Su Lum: Seen my pants? |

Su Lum: Seen my pants?

One Saturday a couple of months ago, Jeanne Ritter and I took Doris Barlow to Basalt for lunch and afterward stopped to check out a sale at All Us Ladies, where I bought a pair of black pants.

I’m always in the market for pants, because there’s always something wrong with the pants that I buy, a situation which is not helped by my hating to try clothes on. I get the pants home and they’re either so tight they look like black birds’ legs or so loose I have to take two steps for every one the pants take.

So imagine my surprise and delight when, on Sunday, I put on the new pants and discovered that they were just right.

Monday morning I was on the phone to All Us Ladies, where the last three remaining pairs of the pants were charged to my card and set aside for pick-up.

Bryan Welker, fondly known as “Lieutenant,” was making the transition from the Aspen ad office to Basalt and spending part of the day in both places and was hence the perfect candidate for courier. “Yo, Lieutenant,” I said, “Can you pick up a package for me at All Us Ladies?” “No problem.”

Next day, no pants. “Did you get the package, Lieutenant?” Yes and no. He had picked up the package, but had left it in an ad client’s office – but not to worry.

And so it has gone for two months. “Did you find the pants, Sergeant?” The client’s office was closed when he got there, but he could see the blue bag on a desk. “Did you find the pants, Corporal?” A woman in the office had accidentally taken the bag home but, not to worry, she was bringing it back.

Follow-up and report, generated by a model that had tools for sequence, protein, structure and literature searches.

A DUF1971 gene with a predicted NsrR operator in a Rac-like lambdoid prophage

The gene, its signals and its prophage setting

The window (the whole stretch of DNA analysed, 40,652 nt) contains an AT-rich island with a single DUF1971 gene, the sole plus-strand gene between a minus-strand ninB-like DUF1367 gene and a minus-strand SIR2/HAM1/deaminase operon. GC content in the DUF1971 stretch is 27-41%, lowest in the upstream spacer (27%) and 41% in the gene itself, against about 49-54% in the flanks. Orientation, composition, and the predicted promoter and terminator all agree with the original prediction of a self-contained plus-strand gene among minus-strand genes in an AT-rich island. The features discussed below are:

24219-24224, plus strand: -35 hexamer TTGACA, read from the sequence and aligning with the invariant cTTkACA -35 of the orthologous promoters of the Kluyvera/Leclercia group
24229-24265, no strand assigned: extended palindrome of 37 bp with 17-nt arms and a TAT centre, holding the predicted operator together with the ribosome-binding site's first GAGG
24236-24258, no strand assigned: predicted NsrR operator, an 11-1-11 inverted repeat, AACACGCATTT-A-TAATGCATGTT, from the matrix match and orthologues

“Did you find the pants, Sergeant?” The bag the woman took home did not contain my pants; now he was checking every other place where he might have left the bag. Bryan was feeling so guilty he started coming into the office before dawn so he wouldn’t cross paths with me.

Meanwhile, the Welker apartment had been totally flooded just before they were to move into a unit at Willits, and all their possessions had been put in storage.

“Did you find my pants, Private?” led to his guess/hope/prayer that the package had somehow gotten into the apartment and had been swept up in the evacuation.

Now I’ve stopped saying anything, except to inquire from time to time, just to keep up appearances, how the unpacking is going.

In my heart, I think that somebody downvalley has my PANTS, and this is a plea to send them to The Aspen Times (310 East Main) and put the smile back in Bryan’s eyes instead of him going around looking like a whipped dog and me feeling like the whipper.

I wouldn’t have pushed it so far if I’d known where it was heading. I’ve reinstated the Lieutenant title, but it’s too late – the only way to really fix it for Bryan is for the pants to come back

So even if you’ve taken the tags off them, worn them, washed them, shrunk them, stretched them or snagged them on barbed wire, please return the remains. Throw them in the mail, with no return address, or call after hours (925-3689, extension 212) to direct us to a drop spot.

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